The primary objective of the project is to encourage you to explore and think about potential applications of the techniques you will learn in this class. This group project offers you an opportunity to apply your data mining knowledge to real-life data and to mine managerially-relevant insights. Please note that this is a semester long
A final report/presentation (225 points) – a Microsoft PowerPoint document containing slides of the following types:
- Executive summary
- Project motivation/background
- Data description
- Data preparation activities
- Models used – at least three distinct techniques (with screenshots of related SAS EM output)
- Managerial/business implications
- References (if needed)
Here are a few additional things to consider.
- There is no Word document. The report is in the form of a PowerPoint Presentation.
- Not just screenshots. Because the report is a PowerPoint Presentation you may be tempted to just insert a bunch of screenshots. I do want screenshots of models, results, etc. but they should be annotated so I have some sense of why they are there and what I am supposed to take from the slide.
- Keep it tight. Fully explaining your final project in the form of a PowerPoint (without the benefit of being able to verbally explain during a presentation) should be hard. You need to balance telling a good (and complete) story against generating excessive numbers of slides. If you were presenting I would be looking for about 15 minutes of content. Given that timeline, I would expect approximately 20 slides… this is a guideline and not an absolute, but please try and tell a complete and concise story.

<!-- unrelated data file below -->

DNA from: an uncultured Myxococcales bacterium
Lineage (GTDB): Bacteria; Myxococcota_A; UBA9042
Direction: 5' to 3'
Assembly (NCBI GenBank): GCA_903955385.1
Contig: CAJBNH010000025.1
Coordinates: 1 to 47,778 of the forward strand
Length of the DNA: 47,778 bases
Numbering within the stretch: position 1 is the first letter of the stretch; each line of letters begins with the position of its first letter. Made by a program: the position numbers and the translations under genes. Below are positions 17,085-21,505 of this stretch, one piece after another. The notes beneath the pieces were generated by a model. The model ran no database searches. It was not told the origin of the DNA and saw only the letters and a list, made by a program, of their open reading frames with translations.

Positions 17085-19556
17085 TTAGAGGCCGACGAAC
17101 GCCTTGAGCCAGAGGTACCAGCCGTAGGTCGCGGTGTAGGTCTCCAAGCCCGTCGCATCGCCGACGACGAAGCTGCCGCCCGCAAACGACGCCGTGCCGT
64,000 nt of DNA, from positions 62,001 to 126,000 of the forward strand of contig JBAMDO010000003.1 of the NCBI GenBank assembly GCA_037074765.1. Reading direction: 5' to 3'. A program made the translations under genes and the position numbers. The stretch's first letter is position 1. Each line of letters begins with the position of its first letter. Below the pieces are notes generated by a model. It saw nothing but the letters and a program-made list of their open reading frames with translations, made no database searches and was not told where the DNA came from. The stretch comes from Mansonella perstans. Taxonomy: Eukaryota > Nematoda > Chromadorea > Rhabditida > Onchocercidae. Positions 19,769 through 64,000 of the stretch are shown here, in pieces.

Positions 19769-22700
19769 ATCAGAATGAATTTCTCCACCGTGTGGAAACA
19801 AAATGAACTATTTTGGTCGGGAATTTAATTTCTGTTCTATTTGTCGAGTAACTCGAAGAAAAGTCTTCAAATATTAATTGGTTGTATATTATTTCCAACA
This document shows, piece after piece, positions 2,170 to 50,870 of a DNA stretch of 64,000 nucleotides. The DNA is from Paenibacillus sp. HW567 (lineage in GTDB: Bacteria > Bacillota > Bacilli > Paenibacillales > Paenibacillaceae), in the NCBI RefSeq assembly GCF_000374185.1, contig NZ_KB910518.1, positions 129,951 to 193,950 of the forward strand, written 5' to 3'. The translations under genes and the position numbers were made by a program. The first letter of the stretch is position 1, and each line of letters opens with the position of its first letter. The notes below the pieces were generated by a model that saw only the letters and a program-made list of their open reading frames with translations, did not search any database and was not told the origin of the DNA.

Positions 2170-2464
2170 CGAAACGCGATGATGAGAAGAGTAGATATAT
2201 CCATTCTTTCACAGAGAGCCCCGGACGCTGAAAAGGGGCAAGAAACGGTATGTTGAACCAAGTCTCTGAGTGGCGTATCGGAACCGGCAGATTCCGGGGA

- Tell a coherent story. The story is important… I want to know what you did and why. I want to know what models you ran and which was the best performer. I also want to know what that model says and why that is important to the organization.
1. The aim of our project is to analyze the Breast Cancer Wisconsin (Original) dataset to classify the data by using various classification models and compare the misclassification rate between these models.
a. We are planning to use classification models like Decision tree, Bagging, Random Forest, Naïve Bayes classifier, Support Vector machine and compare the results for better accuracy.
b. We have chosen Breast Cancer Wisconsin (Original) dataset obtained from UCI Machine learning repository for analysis.
c. This is a secondhand dataset available at
2. Number of attributes in the Breast Cancer Wisconsin (Original) dataset are: 32 (ID, diagnosis, 30 real-valued input features). Attribute information:
a. ID number,
b. Diagnosis (M = malignant, B = benign) – Predicting Variable
c. Ten real-valued features are computed for each cell nucleus – radius (mean of distances from center to points on the perimeter), texture (standard deviation of gray-scale values), perimeter, area, smoothness (local variation in radius lengths), compactness (perimeter^2 / area – 1.0), concavity (severity of concave portions of the contour), concave points (number of concave portions of the contour), symmetry, fractal dimension (“coastline approximation”)
d. Class distribution: 357 benign, 212 malignant
3. Here, Diagnosis is the field that we are predicting which takes two values B = benign and M = malignant.
a. Benign – Benign tumors may grow larger but do not spread to other parts of the body. Also called nonmalignant.
b. Malignant – Malignant tumors are cancerous
4. Breast cancer is the most prevalent diagnosed cancer for women in the U.S. following skin cancer. In both men and women, breast cancer occurs, but in women it is much more common. There has been a rise in breast cancer survival rates and a steady decline in the mortality connected with this disease, primarily because of variables such as prior detection, a more individualized treatment approach and a greater sense of the disease.